Andrea McNaughton, state director at Loan Market for Victoria and Tasmania, told The Adviser that without diversity it can be 'very hard' to grow a business.
“If you focus on what the customer wants, you may not be able to predict that if you don’t have a diverse team that can bring those skills to the table,” she said.
Speaking at Loan Market’s Leading Ladies Summit last week, Ms McNaughton said that teams reflect their client bases, adding: "And don’t you want a diverse client base?”
“If one sector is performing poorly then you want to take advantage of the other; and if you're too niched in, if your focus is too narrow and your culture is too defined, you risk losing a lot of customers and alienating a lot of customers. I'm not sure why anyone would want to do that,” the state director said.
Currently, Loan Market aims to recruit a diverse range of brokers by focusing on the skills required and holding in place a target rather than a quota.
“People will line up behind a target to have 50/50 business owners [of male and female],” she said, acknowledging that currently the ratio is closer to 25–30 per cent female. The notion of a quota can be misunderstood and has negative connotations, she added.
In terms of recruitment, the current strategy at Loan Market is to channel new-to-industry brokers into loan writing roles and more experienced brokers with a history in lending into franchisee positions.
“It’s too difficult for head brokers to make new-to-industry brokers productive, and we won’t take on new-to-industry brokers as franchisees. It’s not fair on them, it’s not fair on our resources, so we made a decision that new-to-industry must be mentored.
“We don’t go: 'Hey, let’s go recruit some females'. We’ve had a targeted focus on recruiting bankers. . . . We’ve got some really exciting prospects at the moment that have been in the bank and they just don’t have the flexibility around their kids and their families and they’ve also got no flexibility around panel, so they're like: 'I could help so many more clients if I could do this myself', so that's really a target for us.”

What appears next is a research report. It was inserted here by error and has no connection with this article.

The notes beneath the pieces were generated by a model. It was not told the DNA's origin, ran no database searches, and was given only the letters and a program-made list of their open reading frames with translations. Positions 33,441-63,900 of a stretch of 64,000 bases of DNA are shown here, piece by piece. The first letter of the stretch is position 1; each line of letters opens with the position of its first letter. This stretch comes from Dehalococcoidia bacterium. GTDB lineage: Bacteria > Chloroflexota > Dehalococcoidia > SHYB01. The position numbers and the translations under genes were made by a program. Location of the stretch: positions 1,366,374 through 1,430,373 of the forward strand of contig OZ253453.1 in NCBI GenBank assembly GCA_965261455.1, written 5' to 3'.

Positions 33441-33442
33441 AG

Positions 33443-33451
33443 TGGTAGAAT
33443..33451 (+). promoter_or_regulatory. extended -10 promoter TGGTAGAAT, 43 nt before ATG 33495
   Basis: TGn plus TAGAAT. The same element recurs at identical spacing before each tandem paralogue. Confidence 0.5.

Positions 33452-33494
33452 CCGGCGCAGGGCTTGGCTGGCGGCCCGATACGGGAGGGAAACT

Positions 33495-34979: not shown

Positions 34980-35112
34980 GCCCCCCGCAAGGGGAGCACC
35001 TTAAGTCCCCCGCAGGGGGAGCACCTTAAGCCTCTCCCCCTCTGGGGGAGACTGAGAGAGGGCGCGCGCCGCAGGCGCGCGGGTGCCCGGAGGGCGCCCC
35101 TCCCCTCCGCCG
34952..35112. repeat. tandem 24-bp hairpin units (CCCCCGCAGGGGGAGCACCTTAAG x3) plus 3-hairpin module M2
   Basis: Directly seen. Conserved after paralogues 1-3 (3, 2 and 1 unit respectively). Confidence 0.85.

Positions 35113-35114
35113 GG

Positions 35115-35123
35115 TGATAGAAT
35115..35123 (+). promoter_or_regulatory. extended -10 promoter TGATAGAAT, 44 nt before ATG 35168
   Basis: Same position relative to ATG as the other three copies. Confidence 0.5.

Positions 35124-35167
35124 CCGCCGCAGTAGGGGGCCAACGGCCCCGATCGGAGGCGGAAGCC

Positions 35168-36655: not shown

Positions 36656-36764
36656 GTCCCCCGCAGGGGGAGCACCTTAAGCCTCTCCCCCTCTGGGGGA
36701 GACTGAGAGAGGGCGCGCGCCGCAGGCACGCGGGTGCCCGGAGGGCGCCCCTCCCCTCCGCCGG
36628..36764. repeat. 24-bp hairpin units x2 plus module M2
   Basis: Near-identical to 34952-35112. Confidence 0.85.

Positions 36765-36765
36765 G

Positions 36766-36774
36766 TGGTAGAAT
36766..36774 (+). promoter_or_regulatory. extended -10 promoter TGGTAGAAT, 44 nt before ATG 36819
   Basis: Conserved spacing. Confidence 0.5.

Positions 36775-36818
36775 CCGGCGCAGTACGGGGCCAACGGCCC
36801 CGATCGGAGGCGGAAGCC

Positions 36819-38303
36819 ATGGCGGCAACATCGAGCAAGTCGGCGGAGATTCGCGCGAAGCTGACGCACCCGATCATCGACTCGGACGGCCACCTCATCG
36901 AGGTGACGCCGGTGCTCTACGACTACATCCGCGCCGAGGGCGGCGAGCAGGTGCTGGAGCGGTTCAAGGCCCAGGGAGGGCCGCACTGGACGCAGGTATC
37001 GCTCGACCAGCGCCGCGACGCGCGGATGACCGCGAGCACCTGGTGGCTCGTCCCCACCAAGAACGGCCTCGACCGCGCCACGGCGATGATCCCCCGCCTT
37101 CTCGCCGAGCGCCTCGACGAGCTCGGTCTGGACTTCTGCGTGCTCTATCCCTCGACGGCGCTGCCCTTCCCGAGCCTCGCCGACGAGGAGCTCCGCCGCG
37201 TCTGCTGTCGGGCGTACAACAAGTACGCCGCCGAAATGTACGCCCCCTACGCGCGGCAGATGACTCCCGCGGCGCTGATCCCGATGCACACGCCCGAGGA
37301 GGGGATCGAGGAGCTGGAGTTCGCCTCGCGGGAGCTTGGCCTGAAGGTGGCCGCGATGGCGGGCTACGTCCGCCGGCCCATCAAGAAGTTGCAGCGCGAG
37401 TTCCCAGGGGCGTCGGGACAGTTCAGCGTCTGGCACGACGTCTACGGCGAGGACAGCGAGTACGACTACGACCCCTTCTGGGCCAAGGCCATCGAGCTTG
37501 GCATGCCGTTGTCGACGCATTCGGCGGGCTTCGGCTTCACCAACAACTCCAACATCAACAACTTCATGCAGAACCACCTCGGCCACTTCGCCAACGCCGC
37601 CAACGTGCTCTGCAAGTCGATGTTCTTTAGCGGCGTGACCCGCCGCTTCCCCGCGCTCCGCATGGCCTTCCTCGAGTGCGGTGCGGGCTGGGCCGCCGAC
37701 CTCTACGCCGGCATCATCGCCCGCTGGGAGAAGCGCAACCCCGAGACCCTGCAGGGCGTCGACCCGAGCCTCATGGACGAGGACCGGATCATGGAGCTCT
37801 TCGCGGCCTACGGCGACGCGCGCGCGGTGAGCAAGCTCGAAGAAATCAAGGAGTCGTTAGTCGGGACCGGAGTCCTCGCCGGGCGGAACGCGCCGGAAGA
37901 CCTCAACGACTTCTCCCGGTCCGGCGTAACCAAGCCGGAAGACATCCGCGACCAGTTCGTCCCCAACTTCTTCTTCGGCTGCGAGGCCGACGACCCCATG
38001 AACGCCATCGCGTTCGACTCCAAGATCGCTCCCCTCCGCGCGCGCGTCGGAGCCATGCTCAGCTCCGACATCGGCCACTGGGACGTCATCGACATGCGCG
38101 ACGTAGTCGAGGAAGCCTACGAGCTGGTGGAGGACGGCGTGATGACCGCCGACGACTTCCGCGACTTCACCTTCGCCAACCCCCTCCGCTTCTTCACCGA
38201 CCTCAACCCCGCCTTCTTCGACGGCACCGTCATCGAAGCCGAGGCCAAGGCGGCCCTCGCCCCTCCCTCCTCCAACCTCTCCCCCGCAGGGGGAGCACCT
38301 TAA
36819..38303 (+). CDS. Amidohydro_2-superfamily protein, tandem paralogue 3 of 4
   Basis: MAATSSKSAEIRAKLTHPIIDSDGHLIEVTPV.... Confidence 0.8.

Ms McNaughton also observed that in the financial services sector, the word ‘diversity’ was taking on a greater meaning to include brokers who speak Chinese as well as brokers of different ethnic backgrounds.
“It's just one of those things that you would ignore at your peril. Your team needs to reflect the needs of the community. If you don't have people that can engage with those people, then they're not going to come to you,” she said.
According to Ms McNaughton, introducing greater diversity into the executive tier will take time.
“It’s about setting targets for industry. . . . That’s what we need to do, to get more equality and get more diversity of opinion, thought and experience around the table; that's when we'll see our society flourish,” she said, arguing that the “knock-on effect” of promoting diversity would be to challenge the “male-dominated institutionalised strength” both in and outside of the workplace.
“They say privilege is invisible to those that have it, like there's so far to go. To me it's such a no-brainer; you can't afford not to have diversity of skills, of gender, of experience, of views at that table being presented, and debated and challenged. That's the value in diversity — deeper thought processes.”
A part of Momentum Media's commitment to championing diversity, we have launched the inaugural Women in Finance Awards.
The flagship Women in Finance Awards, presented by Momentum Media together with principal partner NAB, aims to highlight the outstanding work of women within financial services and put them on a national stage to support the continuing growth and development of women in the financial arena.
The finalists for all 28 awards, which recognise individual and group performance, have now been released.
The full list of finalists is available on the Women in Finance Awards website.
Winners will be announced at a five-star gala event at The Star Event Centre in Sydney on 21 September 2017.